that was said.
“You let it get away,” said a hoarse goblin voice.
“You go and chase after that thing in broad sunlight then. I ain’t goin’ after it now. That was one of that group of stinkin’ dwarves that was brought down here. We’ll go after `em tonight, they won’t get far.”
“The boys said that was an elf with them. Pretty little thing. We’ll have some fun later.” Omey shuddered.
“I still think we should have posted a guard, we don’t want her escapin’.”
“How could she escape? She ain’t strong enough to pull that chain out o’ the wall. She can’t bust down the door. She ain’t goin’ nowhere, not yet anyhow.”
At this point in the conversation Omey heard footsteps behind and decided that if she was going to make a dash for it, it was now or never. She carefully drew her sword and rose silently. She had one thing in her favor, the unfair advantage of the element of surprise and she intended to use
it to its fullest.
She inhaled and gathered her courage and strength and dashed into the room with a wild cry. The orcs looked up, there was at least a score of them in the cavern. Omey behead the three nearest to her trying not to think too much about it. The others yelled back and forth at one another.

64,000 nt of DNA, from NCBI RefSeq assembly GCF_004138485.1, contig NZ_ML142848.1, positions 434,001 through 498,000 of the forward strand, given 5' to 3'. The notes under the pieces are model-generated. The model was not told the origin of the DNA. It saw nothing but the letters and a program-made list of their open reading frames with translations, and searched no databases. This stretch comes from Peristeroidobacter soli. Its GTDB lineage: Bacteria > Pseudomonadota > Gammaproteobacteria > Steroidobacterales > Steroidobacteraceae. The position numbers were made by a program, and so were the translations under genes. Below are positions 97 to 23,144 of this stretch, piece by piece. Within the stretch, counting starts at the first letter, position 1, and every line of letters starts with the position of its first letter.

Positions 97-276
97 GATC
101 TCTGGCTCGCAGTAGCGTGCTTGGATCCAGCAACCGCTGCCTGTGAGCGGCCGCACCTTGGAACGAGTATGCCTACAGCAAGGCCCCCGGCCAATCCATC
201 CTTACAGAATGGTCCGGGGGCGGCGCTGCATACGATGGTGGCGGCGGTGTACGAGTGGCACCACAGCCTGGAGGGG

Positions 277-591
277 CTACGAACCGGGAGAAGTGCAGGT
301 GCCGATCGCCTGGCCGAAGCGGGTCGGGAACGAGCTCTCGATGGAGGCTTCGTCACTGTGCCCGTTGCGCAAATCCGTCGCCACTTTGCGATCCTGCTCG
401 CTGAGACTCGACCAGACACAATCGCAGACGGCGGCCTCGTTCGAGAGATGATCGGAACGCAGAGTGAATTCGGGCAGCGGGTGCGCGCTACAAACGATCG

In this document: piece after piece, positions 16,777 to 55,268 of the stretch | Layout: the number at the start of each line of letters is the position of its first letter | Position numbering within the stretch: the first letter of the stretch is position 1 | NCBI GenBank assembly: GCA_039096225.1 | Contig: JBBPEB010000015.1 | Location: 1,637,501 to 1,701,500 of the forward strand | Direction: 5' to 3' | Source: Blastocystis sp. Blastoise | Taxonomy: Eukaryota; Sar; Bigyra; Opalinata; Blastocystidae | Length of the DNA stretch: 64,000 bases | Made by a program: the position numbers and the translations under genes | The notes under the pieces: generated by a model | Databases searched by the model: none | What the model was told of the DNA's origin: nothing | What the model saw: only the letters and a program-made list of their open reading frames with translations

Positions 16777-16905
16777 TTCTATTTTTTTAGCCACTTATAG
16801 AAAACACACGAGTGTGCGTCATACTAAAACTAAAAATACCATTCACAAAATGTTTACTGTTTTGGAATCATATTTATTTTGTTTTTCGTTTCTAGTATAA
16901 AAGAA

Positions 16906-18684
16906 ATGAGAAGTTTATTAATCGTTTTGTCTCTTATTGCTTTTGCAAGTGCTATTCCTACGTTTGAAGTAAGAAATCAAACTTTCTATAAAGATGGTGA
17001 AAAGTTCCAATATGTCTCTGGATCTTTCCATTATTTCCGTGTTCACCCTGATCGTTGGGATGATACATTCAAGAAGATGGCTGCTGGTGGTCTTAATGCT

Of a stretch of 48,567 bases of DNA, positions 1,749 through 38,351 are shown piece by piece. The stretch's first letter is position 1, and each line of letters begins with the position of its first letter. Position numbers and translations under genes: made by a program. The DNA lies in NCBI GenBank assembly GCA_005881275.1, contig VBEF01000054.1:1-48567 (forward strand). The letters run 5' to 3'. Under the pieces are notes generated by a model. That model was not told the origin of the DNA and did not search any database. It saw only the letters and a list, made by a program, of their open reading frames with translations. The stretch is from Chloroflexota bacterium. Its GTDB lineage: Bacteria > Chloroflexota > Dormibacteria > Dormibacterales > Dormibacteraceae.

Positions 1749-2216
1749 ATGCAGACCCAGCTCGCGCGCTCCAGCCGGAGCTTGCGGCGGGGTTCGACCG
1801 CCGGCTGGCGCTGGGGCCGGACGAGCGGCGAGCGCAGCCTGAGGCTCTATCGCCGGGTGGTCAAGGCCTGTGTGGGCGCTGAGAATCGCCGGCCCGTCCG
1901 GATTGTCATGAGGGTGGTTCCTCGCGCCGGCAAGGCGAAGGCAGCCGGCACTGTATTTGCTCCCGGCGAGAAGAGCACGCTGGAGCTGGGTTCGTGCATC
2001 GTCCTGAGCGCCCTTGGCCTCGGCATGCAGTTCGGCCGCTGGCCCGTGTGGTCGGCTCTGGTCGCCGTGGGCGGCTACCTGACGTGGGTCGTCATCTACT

“How’d she get out?”
“I told ye we should have posted a guard!”
“Where’d she get that sword?”
One of them had enough of his wits left throw a spear at her. It got her through the side, piercing the flesh of her right side and sticking there. She set her teeth and pulled it out then turned and behead one, stabbed one more through the heart and sliced another in half and ran with all the speed she could manage towards the door.
It stood open by about a foot, just enough for her to squeeze through, if she could get there. Another orc raised an ugly black dagger and got her in the shoulder. She gasped and swapped his head off with one clean stroke and tried to run for the door, her side burned and her shoulder was throbbing but she pushed herself on mercilessly. She had to get to that door.
She was just a few yards from the door now and four goblins were trying to close it. She pushed harder, she would be as good as dead if they closed it before she could get to it. She reached it and with a final effort she slew the last four orcs that stood between her and freedom and squeezed her burning, throbbing, aching body though the narrow opening.